Playing climate change for gain

GMO highlighted a two-year-old climate change strategy which has thus far garnered USD200 million of AUM. This is not driven by altruism, it is based on the fundamental belief that there is already a universe of companies that are mature enough to be generating good cash flows around clean energy, around energy efficiency, around batteries and storage, and then playing up and down the value of supply chain.

Value and alpha still have a voice

Neither the hosts nor the assembled guests made any attempt to disparage passive and beta strategies, which have, quite dramatically, gained sway in the past 10 years across the globe. Instead, the insights during the discussion served to highlight a robust argument that the potential for a return to normalcy in valuations might also presage a return to the precepts of value and of the alpha investor.

 

The Discussion

James Montier, a member of GMO’s Asset Allocation team, opened the discussion with his assessment of the big picture for global economies and markets. “I must at the outset today relay how miserable the picture looks from where we stand. It is very challenging to build a portfolio that is likely to generate decent returns, as the opportunities are poor in equities and fixed income.”

Paint it black

“Historically when risk assets are expensive then safe haven assets are often a little bit cheaper but not today, as virtually everything is expensive. For US equities as an example, we project a minus 4% real return for the S&P 500, in other words losing 4% every year for the next seven years. That is truly miserable.”

“I must add that we do not think the economy is as robust as many might think. In fact, the recovery since the GFC is the most tepid economic recovery in post-war history, yet there is a lot of optimism being priced into the market." 

But EM offers a pool of value

“The one piece of good news is there are occasional pockets of opportunity and the single most attractive area from our perspective is value stocks in the emerging market (EM) universe. There, based on our seven-year forecasts, we think you actually can get a real return of somewhere around about 7.5% a year. That is not a once in a lifetime opportunity, but we think it is the best available currently.”

And ‘alt’ strategies beckon

“Additionally, we see opportunity in a sizable allocation to alternatives. Why? Because with low cash rates, low fund rates, alternatives look like a way of generating at least some of the returns that investors actually might be expecting.”

Montier’s colleague Arjun Divecha, Head of Emerging Markets Equity and GMO Board member, offered his insights. “Our seven-year forecasts are based on four elements, two related to valuations and the concept that they will revert to their long-term averages over the next seven years, as well as the theory that profit margins will revert to their historical averages. The other two elements are growth and dividends. In brief, the minus 4% real returns form the S&P 500 we anticipate are predicated on the view we have on the reversion to a mean of valuations and of margins.”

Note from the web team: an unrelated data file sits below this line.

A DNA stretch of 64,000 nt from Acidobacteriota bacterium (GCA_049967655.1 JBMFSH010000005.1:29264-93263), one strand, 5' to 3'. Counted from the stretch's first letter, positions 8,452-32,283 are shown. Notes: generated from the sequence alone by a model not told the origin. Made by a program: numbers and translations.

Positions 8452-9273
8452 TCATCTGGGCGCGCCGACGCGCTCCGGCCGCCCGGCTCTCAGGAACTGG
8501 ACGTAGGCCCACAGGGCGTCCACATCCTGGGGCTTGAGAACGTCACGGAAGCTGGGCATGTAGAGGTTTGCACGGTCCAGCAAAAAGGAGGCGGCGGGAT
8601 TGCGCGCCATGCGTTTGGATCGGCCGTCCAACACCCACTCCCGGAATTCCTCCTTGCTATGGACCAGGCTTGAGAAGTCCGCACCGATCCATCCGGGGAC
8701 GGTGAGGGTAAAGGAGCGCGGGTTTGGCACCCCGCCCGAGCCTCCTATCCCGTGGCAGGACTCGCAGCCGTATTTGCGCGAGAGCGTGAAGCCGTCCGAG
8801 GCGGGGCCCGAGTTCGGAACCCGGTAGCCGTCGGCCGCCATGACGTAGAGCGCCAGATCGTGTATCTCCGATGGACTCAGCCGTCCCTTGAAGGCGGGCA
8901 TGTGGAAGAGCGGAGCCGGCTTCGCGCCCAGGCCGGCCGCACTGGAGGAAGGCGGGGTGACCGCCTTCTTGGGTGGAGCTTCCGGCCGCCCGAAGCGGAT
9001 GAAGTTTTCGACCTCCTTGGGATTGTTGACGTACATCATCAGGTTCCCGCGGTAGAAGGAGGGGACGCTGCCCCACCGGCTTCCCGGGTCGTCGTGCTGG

The seven-year glitch

“The valuations are at extremely high levels, at the same time as margins at also near historic highs. Growth would need to be truly heroic to change those dynamics.”

Montier re-entered the discussion. “We might be wrong about our reversion to mean scenarios, but I can report that without that reversion we would see plus 3% annual returns for the S&P 500. If you see a reversion to the mean, after seven years, you would suddenly get higher returns of plus 6% or more. But if there is no reversion to the mean, then we see a sort of purgatory of low returns, a world in which the best you can hope for is 3%.”

Zoom in to see the true picture

“I also want to quickly address profitability in the US. It is certainly good in the aggregate, but when you look at individual stocks, about 25% or more are actually loss making, so we have a bifurcation between some extraordinary winners, and then a large group one should be cautious about.”

A guest asked why reversion to mean should take place, when the world has been dislocated from that type of mean for so long.

“Why now?” Montier considered. “One of the challenges of following any value-based approach is that you have to be very patient and a long-term horizon is integral to following the precepts of value because there is nothing in the value-based approach which says cheap actually can’t get cheaper and more expensive actually can’t get more expensive. And to be honest, we have been on the wrong side of both of those in the last few years. With our liking of emerging markets, we have been seeing cheap assets getting cheaper, with our dislike of US equity markets, we have seen expensive assets become even more expensive.”

“We must, however, stick to our precepts and look longer-term. We know that underperformance in the short-term hurts, but we think there is evidence to show that bearing that short-term pain is what creates the longer-term returns that investors really crave. However, let’s admit that it is a huge behavioural challenge getting people to not focus on the much nearer-term, and instead talk about seven years. If you really want short-term returns then momentum is probably the best strategy to follow, but that is fine until it is not, and there are very few warning signs to flag when momentum is suddenly going to stop.”

Take the long route, but knowing the destination